I think everybody in their own mind says what they want or does what they want and has their own ideas of what’s going on. Whether it happens or it doesn’t happen, I think it’s good and bad. I think people get crazy and get real gimmicky, but that’s also getting the artist recognized and getting the artist some extra promotion. I would say “yeah” and “no” to that.
How are you approaching December 4?
I think I’m in my own lane. I think Styles P fans are going to go get Styles P. My big thing is getting the music heard and spreading out. I feel like my music will keep the fans going for years. I don’t know if everybody else’s raps does that for them.
What’s the best advantage to being on Koch right now?
Working with somebody and not working for somebody. It’s about cutting out the middle man. I would have to go with that.
Did Koch have any creative input on Supa Gangsta, Extraordinary Gentleman?
I just did my thing. I think they wanted me to do that. When they wanted me, that’s all they wanted me for because they know I do my thing.
A lot of artists say they can do it themselves, but after listening to their album, you can tell they really can’t. How important is it as an artist to be able to do it without a label?
I don’t just do it on my own. I have a team, but I don’t need the industry A&R’s. I have my partners. I have Sheek and ‘Kiss in the lab. That right there is the best team I could have in the world. I have Poobs, my engineer, who I shout out on every mixtape. I’m not just going off of me thinking it’s hot. I’m asking them, the team. But I don’t need any industry A&R’s or anybody from labels. I don’t need that.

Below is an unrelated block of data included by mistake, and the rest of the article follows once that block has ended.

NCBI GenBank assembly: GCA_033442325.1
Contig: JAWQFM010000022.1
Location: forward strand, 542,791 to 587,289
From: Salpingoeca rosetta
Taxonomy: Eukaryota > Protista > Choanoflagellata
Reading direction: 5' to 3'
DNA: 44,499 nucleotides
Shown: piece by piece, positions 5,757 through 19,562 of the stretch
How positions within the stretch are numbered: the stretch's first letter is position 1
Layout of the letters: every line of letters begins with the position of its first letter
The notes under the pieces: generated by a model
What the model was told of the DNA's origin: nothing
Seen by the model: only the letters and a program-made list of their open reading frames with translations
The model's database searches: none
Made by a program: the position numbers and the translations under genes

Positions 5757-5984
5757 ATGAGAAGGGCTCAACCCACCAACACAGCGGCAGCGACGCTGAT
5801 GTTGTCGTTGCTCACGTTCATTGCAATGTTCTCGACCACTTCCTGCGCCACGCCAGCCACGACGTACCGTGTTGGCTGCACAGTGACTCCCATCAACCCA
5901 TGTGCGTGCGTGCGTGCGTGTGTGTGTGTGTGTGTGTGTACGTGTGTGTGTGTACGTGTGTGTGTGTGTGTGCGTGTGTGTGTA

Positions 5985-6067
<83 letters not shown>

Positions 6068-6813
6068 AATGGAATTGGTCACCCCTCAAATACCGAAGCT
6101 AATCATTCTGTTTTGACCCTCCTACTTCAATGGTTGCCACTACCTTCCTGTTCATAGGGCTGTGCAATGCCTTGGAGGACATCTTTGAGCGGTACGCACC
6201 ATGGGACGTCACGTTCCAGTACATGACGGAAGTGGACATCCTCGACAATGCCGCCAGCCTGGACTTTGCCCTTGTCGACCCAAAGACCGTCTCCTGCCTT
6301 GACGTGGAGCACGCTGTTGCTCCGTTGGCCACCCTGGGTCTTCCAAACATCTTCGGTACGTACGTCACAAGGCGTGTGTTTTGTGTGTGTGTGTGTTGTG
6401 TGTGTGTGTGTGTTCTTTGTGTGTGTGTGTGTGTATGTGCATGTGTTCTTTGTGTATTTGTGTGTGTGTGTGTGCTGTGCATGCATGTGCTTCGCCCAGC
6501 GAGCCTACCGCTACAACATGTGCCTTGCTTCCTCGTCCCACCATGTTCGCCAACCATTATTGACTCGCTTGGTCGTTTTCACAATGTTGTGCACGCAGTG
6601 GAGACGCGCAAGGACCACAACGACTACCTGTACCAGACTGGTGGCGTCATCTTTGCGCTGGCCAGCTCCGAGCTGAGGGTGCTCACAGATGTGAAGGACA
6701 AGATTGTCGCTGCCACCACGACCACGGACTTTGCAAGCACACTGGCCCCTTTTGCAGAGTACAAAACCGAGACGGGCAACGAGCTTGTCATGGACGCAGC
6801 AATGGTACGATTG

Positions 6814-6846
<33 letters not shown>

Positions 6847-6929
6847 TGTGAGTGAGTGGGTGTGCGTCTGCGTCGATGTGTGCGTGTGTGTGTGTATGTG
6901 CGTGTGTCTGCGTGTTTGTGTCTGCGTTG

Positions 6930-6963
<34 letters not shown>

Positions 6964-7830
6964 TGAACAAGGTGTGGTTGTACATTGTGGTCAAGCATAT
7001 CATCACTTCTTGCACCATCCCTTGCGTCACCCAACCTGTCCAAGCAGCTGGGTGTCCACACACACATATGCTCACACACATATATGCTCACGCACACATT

I’ve been in this game since ’95. Shit, I’m a vet. I wouldn’t be here that long if I needed that help.
There are veterans that do need that help though.
They need that help because they’re lazy and because they’re not on their A-game. They’re living the artist’s life and not the “putting down art” life. If you live off making music and this is what you do…I make mixtapes all around the year, all year-round. My game is sharp.
Mariah Carey and J.Lo ask you for remixes, yet you’re known for making gutter music. Why do you think they ask you to be on their remixes?
I make hard music but I think everyone knows I can make that shit. I bring the street perspective to it, the rawness with no gimmicks. I think that’s why they ask me. Even the street can party. There’s nothing gimmicky about it. I still keep it hip-hop. I think everybody appreciates it.
Do you think your hardcore fans don’t want to hear you party?
No, because your real fans, they like hearing that kind of shit. I didn’t really see that until I actually made “Can You Believe It?” and “My Favorite Drug” and saw how much my fans really took to those. It really bugged me out. I knew they always took to it when I did it over other people’s shit, but a lot of my hardcore fans loved “My Favorite Drug” and “Can You Believe It?” It’s not shocking to me.
You worked with Akon before he blew up. What does that mean to you today?
Nothing. I just helped the brother out when he needed a little help. He’s talented on his own and he had talent before he met me. God willingly, the song was a help to him.
Looking back on Time Is Money, what was the biggest mistake surrounding that project?
Not dropping shit when I asked them to drop. Not dropping that “Crystal Waters” joint a year and a half ago when I told them to. But I wouldn’t be here today if that never happened. I can’t say that was a mistake. Everything happens for a reason.